Financial difficulties facing NHS nurses have been “ignored” by the government, which has provided a “completely inadequate” response to a petition calling for the end of pay restraint, according to the Royal College of Nursing.
The petition noted NHS nursing, midwifery and healthcare assistant staff had seen their wages held back since 2010, which it said amounted to a 14% drop in earnings when taking inflation into account.
It said the impact has been “harsh” and that staff on the NHS’s Agenda for Change pay system were struggling with financial hardship across England.
”[This petition response] ignores the financial hardship facing thousands of nursing staff this winter; a consequence of the 1% cap on their pay”
This comes at the same time the government has introduced an average 1% pay rise cap for all public sector workers in England until 2020.
The petition, which was started by nurse Danielle Tiplady – one of the leaders of the campaign against the axing of student bursaries – also noted the NHS staffing “crisis”, pointing to the 10,000 vacancies for nursing jobs in London alone last year.
In addition, staff were planning on leaving the capital due to problems with paying rent, said the petition, also noting recent reports of increasing numbers of healthcare workers using food banks.
The petition has attracted almost 60,000 signatures and at the end of last week received a response from the government.
In its response, the Department of Health said it was “committed to ensuring trusts can afford to employ the staff the NHS needs”.
“The government is committed to ensuring trusts can afford to employ the staff the NHS needs”
Department of Health
It said there was a trade-off between pay and the number of jobs in public services and that its “difficult” decision to bring in the 1% pay rise cap was estimated to protect 200,000 public sectors jobs, according to the Office for Budget Responsibility.
It said that overall, wages for nurses and other non-medical staff had increased year-on-year since 2010, by around 0.8%, and that inflation had been at “historic low levels” - currently 0.6%.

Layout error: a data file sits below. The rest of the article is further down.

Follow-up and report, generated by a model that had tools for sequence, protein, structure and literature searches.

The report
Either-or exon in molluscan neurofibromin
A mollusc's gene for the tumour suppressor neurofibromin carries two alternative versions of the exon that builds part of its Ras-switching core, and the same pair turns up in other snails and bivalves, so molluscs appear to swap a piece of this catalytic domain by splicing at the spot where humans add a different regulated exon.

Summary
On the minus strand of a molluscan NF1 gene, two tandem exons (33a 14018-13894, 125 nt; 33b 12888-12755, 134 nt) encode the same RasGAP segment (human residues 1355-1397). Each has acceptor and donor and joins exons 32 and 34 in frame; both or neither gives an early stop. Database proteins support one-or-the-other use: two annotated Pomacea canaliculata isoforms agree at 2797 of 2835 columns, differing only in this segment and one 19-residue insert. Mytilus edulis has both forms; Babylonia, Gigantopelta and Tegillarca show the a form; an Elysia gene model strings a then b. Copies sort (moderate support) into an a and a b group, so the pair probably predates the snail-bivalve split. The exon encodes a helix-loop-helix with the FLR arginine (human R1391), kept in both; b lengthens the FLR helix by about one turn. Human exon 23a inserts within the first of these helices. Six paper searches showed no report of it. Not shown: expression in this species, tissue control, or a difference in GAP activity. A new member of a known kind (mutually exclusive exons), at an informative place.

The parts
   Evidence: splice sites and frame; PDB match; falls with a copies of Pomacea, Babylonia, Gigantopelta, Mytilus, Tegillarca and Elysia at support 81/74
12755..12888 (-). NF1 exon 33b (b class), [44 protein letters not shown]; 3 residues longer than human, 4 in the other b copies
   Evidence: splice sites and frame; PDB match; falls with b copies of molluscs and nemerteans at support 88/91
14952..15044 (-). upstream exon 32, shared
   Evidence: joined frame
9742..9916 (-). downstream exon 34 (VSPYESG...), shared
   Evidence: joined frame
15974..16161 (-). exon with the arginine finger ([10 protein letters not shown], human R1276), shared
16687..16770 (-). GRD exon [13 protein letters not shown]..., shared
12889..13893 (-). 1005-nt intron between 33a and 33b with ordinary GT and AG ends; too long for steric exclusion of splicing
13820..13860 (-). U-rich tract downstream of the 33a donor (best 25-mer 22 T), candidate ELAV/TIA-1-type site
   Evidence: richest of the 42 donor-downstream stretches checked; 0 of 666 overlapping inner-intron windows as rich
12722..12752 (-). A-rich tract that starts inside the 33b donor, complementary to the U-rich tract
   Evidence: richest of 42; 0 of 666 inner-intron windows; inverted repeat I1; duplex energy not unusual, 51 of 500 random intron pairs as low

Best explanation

For NHS nursing and midwifery employees, average total earnings increased by 2.2% a year between 2010 and 2015, it said, while noting the current average wage for a qualified nurse was £31,214 – which it said was “well above” the national average salary of £27,500.
In its response, the DH also pointed to the extra salary weightings, through high cost area supplements, paid to NHS AfC employees working in London.
It also said the NHS was “one of few public sector workforces that receive incremental pay” – which it claimed provided an average annual 3% increase in earnings for nursing staff – and noted the NHS’s “valued” pension scheme.
”Pay restraint is a political decision and it is not the responsibility of hardworking nursing staff to pay for financial failings in the NHS”
Meanwhile the DH said the NHS now employed 3,500 more nurses and midwives since May 2010, and that a further 51,000 were currently being trained.
The changes to student nurse funding – which will see bursaries removed from autumn 2017 – will allow universities to “significantly expand” training places by 2020, it added.
It also referred to other initiatives aimed at helping to tackle staffing problems, including the national return to practice scheme being run by Health Education England which has seen 700 nurses come back to the NHS.
However, the RCN said the government’s response to the petition was “completely inadequate”.
“It ignores the financial hardship facing thousands of nursing staff this winter; a consequence of the 1% cap on their pay.
“Let’s be clear, pay restraint is a political decision and it is not the responsibility of hardworking nursing staff to pay for financial failings in the NHS,” said the RCN.